"IT'S OFFICIAL," the box on my screen announced in capital letters. "YOU'RE ONE OF THE BLEEDING HEARTS."
To examine the Esquire/NBC News "New American Center" is to enter a Beltway consultants' dreamscape, a perceptual interspace where real Americans' opinions dissolve and are replaced by a chimerical creature whose secret language is only understood by certain insider politicians, corporations and consultants.
That creature's name is "The Center."
The survey commissioned by these two news organizations tells us very little about American public opinion. But it tells us a great deal about the insular worlds in which certain journalists and consultants reside.
Although there were some interesting nuggets of data in the study, overall it was an ill-conceived venture whose main purpose seemed to be reinforcing a prevailing article of faith inside the Beltway: that there is an undiscovered "center" to American politics, and that finding it will spell success for savvy corporations, candidates and consultants.
I tried to review the poll's methodology with an open mind. But we're not told how the study identified the "American Center," and its architects at the Benenson Strategy Group failed to respond to requests for information.
That organization's founder, Joel Benenson, became something of a polling legend when he defied the hackneyed pseudo-wisdom of his former mentor Mark Penn and helped guide Barack Obama to an upset victory over Penn's client in the 2008 primaries. It's unfortunate, then, that this particular study is packed with the kind of zingy and vacant language for which Penn became notorious. It labels Americans on a left/right axis of Bleeding Hearts, Gospel Left, Minivan Mods, MBA Middle, Pickup Populists, #whateverman, Righteous Right, and Talk Radio Heads.
By comparison, Penn's "soccer mom" lingo seems almost profound.
Reviewing the raw data only added to the confusion. Why, for example, did many of the raw-data entries list the leftmost category as "Young Libs" rather than "Bleeding Hearts"? We don't know -- and they're not saying.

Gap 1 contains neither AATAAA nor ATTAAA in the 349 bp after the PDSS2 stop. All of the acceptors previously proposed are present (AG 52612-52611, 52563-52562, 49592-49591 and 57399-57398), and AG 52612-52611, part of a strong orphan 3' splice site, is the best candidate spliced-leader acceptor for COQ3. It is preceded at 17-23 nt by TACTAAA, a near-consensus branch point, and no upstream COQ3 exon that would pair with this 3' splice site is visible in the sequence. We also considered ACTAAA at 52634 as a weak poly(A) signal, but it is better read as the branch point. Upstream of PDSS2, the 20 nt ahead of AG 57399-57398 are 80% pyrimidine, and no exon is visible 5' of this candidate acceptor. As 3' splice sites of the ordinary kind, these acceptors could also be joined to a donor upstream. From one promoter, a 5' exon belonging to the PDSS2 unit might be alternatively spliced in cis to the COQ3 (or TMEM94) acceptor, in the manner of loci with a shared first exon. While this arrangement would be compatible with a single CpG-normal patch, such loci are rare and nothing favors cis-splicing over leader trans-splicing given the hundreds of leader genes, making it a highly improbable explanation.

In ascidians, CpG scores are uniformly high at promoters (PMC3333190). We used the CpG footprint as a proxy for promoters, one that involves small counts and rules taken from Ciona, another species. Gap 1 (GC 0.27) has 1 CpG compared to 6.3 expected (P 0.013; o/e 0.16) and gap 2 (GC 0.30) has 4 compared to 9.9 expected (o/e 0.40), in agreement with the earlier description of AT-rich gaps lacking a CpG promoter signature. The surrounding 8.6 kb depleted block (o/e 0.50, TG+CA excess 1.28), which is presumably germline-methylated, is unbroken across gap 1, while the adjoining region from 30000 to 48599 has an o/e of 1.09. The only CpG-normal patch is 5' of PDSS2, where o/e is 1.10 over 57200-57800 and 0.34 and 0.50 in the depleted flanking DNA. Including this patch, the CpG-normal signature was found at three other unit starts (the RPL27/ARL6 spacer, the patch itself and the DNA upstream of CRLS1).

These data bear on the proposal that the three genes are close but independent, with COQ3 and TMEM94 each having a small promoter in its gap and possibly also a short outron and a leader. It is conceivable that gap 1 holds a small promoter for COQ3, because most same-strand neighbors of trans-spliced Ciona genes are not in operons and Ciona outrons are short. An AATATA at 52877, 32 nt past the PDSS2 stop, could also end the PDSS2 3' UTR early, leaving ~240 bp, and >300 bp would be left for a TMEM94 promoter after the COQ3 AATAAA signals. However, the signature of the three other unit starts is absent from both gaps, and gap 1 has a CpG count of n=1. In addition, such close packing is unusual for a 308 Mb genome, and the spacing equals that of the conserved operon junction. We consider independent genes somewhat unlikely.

The Unhidden Persuaders
Esquire and NBC News don't report this study so much as hype it. Disturbingly, these journalists use the same marketing language employed by the consultants who wrote the report. Esquire tells its readers that the "New American Center" is "passionate, persuadable, and very real." NBC New s informs visitors to its website that "the center is real, passionate and persuadable." (The NBC News piece carries the byline of a "senior staff writer." The Esquire piece is credited to "The Editors.")
Meanwhile, over at the Benenson Strategy Group website, project leader Daniel Franklin is quoted as saying that "the Center is dynamic and persuadable" -- there's that word again -- "creating an opportunity for politicians and businesses alike to re-evaluate how they communicate and connect with the American public." That sounds like a pitch for corporate clients. Benenson's past and present clients include Toyota, major drug companies, Shell Oil, and Verizon.
Esquire, in particular, crosses the line into naked huckstering for both this survey and centrist ideology. All the "centrist" buzzwords and catchphrases are there: We're told we must get past the "meaningless labels," transcend our obsolete "culture war," conquer the "extreme partisanship of Washington" (no particular party's held responsible for that), and reconnect with "the actual national mood and values."
The editors sneer at what they call the "hoary conventional wisdom" that "we as a people are now hopelessly polarized in our culture, our values, and our politics" -- an odd stance when promoting a study which slices the public into separate (and rather cliched) social divisions.
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